Are you familiar with the electronic learning toys I am talking about? Do you in fact, have children?
Posted by StrawberriixHeartz 9 years ago
StrawberriixHeartz
But you haven't disagreed with my other points. Its true though, past presidents have become very successful without the use of electronic devices. Electronic devices are not "needed" in today's societies, many people and children can't afford these luxuries, what happens to them? They don't die from it and they aren't any dumber from the other kids. Electronic devices are wants not needs.
Posted by macaroona 9 years ago
macaroona
The literacy rates were substantially lower in the 1900's. While you could argue this was not due simply to the lack of Leapsters or V-Smiles, its undeniable that 5 year olds today are expected to know much more than they were 100 years ago. Perhaps owning a Leapster might help the average modern five year old to keep up with todays standards!
Posted by StrawberriixHeartz 9 years ago
StrawberriixHeartz
The Negative (Pro) insulted the Affirmative (con).

I think that it all depends on what sort of electronic device, electronic devices like the electronic dictionaries or those read a loud things have proved to be quite useful to little kids because it allows them to learn things in a more fun way. Isn't that what education is about; learning things in an easier or possibly fun way?

Then again, electronic devices include recent technologies that were developed during the late 1900s. How about the times before these electronic devices? People didn't have any problems reading or writing. Electronic devices is not a need but a want. Presidents from prior generations have become successful without the interactions of technology. Does it mean that they were lacking educational minds while leading our nations?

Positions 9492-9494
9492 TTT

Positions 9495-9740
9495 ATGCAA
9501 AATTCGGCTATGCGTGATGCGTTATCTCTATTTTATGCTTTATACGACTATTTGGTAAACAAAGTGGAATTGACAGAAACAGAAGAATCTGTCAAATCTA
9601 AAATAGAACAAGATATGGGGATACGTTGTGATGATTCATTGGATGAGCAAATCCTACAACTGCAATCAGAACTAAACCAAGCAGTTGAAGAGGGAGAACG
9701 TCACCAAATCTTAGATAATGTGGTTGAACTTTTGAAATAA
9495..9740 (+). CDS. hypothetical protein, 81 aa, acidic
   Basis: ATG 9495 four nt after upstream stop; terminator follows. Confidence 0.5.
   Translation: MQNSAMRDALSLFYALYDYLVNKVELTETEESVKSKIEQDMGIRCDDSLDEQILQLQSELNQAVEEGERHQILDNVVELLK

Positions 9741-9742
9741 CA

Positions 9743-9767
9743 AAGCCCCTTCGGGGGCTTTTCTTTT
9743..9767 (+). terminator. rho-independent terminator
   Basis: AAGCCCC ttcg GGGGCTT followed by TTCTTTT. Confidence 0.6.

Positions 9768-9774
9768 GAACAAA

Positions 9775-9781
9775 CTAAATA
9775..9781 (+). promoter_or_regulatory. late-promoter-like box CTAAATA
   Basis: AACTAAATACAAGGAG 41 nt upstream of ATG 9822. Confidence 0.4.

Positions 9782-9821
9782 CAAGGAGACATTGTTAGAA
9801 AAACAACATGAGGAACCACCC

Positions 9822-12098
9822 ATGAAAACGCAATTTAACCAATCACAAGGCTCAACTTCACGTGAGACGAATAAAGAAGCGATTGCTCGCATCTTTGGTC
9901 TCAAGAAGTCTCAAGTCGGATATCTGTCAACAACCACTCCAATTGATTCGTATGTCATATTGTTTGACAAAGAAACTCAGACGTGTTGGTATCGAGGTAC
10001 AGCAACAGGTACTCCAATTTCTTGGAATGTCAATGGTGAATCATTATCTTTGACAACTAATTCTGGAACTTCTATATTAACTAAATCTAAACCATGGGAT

7 votes have been placed for this debate. Showing 1 through 7 records.
Vote Placed by lola 9 years ago
lola
macaroonaww54wwTied
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Vote Placed by Aulwynd_c 9 years ago
Aulwynd_c
macaroonaww54wwTied
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Vote Placed by Kingtruffles 9 years ago
Kingtruffles
macaroonaww54wwTied
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Vote Placed by macaroona 9 years ago
macaroona
macaroonaww54wwTied
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Vote Placed by BahiraMalika 9 years ago
BahiraMalika
macaroonaww54wwTied
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Vote Placed by Lacan 9 years ago
Lacan
macaroonaww54wwTied
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Vote Placed by sammer_the_hammer 9 years ago
sammer_the_hammer
macaroonaww54wwTied